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  • Rights: The University of Waikato Te Whare Wānanga o Waikato
    Published 13 March 2020 Referencing Hub media

    Water is constantly recycled through the Earth’s water cycle. Use the following resources to learn about the water cycle.

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    These Rivers and Us resources are in a downloadable PDF format.



    The Earth has a finite amount of water, and only a small amount is available to be readily used by living things.


    Most of the freshwater on the Earth is locked up in glaciers. There is actually only a very, very small percentage that is freshwater as we know it, and of that freshwater, there is only actually only a tiny amount that is in streams. So the majority of that freshwater – the freshwater that we essentially need – is contained in lakes, and so lakes act as a very, very important reservoir for freshwater.


    The reason why freshwater is not used up is that water is constantly recycled through the Earth's system by a process called the water cycle. The water cycle includes a number of processes that circulate water through the Earth's subsystems.


    Well the main way the ocean circulates water is through evaporation and then condensation, which takes place in the atmosphere, and most of the evaporation of ocean water occurs near the equator, because that is where you get the most intense solar radiation, and you've also got an enormous amount of water vapour coming up from the ocean. And then the atmospheric winds move that water vapour towards higher latitude, and of course the air then gets colder, and so as the air cools down, it can't hold as much water vapour any more and so it falls out, and you get rain, or even at really low temperature, you get snow.


    When water is circulated, it often goes through physical and chemical changes. Each change requires energy. Evaporation is one of these processes where water undergoes change.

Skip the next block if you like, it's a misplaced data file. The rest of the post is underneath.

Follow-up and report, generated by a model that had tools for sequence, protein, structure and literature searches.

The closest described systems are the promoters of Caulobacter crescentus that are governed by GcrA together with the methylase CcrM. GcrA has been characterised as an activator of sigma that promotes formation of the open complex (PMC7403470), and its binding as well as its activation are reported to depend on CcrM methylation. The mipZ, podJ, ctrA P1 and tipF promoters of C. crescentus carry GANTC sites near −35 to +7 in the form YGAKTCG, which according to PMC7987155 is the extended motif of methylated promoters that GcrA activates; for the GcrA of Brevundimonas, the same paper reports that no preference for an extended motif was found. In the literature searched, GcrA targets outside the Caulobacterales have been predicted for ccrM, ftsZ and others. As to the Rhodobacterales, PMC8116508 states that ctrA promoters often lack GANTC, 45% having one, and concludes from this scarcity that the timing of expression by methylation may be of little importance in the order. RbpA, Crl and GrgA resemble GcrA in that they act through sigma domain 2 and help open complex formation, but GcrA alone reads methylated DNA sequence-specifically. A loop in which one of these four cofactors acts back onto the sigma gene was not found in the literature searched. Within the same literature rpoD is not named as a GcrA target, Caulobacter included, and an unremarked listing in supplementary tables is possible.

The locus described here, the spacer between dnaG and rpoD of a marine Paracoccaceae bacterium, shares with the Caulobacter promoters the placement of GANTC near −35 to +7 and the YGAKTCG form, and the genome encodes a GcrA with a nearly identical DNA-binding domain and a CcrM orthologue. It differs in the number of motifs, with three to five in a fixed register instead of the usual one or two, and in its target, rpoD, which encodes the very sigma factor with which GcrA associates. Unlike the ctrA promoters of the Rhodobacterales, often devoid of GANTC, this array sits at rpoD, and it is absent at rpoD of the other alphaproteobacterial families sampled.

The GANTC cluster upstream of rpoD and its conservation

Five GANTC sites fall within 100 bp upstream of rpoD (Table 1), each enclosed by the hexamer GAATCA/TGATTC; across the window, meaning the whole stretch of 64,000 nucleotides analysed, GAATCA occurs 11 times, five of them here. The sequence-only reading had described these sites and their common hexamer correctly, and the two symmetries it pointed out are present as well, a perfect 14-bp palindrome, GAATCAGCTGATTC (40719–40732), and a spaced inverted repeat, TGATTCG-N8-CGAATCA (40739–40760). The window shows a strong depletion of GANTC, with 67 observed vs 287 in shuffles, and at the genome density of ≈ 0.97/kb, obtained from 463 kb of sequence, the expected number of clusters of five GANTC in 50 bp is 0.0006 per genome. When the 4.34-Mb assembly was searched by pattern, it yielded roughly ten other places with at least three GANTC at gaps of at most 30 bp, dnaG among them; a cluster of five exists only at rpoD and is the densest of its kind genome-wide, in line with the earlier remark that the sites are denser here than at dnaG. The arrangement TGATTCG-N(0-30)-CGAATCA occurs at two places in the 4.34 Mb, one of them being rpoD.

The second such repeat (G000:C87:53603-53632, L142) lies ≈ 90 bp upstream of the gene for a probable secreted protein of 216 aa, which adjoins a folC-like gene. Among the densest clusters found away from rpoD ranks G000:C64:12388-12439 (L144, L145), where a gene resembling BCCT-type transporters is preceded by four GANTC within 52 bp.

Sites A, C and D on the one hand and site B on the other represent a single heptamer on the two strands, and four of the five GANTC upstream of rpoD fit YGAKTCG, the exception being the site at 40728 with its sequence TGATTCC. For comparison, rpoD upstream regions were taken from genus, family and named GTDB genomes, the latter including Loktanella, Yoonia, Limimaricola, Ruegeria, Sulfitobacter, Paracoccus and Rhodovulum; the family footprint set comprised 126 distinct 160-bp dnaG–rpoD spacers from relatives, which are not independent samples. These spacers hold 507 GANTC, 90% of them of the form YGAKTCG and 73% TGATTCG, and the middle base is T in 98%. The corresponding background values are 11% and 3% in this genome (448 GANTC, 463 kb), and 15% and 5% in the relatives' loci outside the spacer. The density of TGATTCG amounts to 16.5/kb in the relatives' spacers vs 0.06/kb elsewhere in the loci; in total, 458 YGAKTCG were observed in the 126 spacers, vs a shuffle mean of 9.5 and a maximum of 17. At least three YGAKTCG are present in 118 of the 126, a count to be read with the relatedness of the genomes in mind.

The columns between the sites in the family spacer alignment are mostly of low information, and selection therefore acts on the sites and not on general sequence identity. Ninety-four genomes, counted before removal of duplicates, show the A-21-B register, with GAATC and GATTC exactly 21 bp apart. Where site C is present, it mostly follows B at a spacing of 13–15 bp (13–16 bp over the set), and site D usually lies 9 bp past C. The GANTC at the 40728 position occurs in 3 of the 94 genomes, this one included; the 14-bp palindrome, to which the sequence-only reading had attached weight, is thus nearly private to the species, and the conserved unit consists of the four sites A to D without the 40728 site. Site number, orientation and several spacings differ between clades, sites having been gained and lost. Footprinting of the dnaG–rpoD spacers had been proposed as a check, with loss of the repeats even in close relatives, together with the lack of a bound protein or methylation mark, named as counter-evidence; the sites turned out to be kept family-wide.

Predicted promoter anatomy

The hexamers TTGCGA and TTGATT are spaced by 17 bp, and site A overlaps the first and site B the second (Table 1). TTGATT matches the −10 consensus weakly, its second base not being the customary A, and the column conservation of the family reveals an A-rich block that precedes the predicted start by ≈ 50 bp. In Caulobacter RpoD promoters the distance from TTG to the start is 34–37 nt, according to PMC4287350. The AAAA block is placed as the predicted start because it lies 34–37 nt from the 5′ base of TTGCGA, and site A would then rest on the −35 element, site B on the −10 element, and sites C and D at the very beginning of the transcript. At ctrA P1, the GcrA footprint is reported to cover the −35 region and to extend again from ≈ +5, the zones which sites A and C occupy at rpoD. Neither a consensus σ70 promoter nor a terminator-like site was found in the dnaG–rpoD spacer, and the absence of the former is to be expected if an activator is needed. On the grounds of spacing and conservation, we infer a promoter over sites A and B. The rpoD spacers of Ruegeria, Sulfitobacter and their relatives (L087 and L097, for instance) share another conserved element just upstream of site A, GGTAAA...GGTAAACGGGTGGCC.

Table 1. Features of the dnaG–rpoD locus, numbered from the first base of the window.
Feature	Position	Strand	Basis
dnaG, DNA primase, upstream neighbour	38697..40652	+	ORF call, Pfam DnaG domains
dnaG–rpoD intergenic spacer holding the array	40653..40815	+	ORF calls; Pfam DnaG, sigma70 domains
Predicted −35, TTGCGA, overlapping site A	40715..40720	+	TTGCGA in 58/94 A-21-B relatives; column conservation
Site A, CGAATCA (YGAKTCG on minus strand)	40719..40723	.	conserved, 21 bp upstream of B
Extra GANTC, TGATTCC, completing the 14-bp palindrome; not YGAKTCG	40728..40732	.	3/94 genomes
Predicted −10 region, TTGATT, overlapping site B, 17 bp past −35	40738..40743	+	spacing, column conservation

Evaporation is the physical process by which water changes state, or changes phase. And it’s an energy intensive process, and approximately half of the solar radiation that reaches the surface of the planet is used in that one process. Wherever there is liquid water – whether it’s in the oceans, or whether it’s in the soil as soil water, or in a river, or a lake, or within plants – that liquid water can be turned to water vapour, and those water vapour molecules can move into the atmosphere.


    These hydrospheric processes occur continually over time, but often at different rates, and in different places. An example of another water cycle process is infiltration.


    Infiltration is the rate at which the water can move into the soil through those pores at the surface. Some of those pores will be connected all the way through, some might be blocked off with little soil particles which will slow water flow down through them.

    Professor David Hamilton, Waikato University
    Professor Keith Hunter, Otago University
    Dr David Campbell, Waikato University
    Professor Louis Schipper, Waikato University
    Flyover NZ/Rotorua Lakes model by Mathew Allan
    Franz Josef Glacier image by ocwo, licensed through 123RF Ltd
    Globe image and animation, courtesy of NASA
    Snow by road image, Pun Yan Lit
    Evaporating lake image by Michael Shake, licensed through 123RF Ltd
    Grass and soil cross-section image by Richard Thomas, licensed through 123RF Ltd

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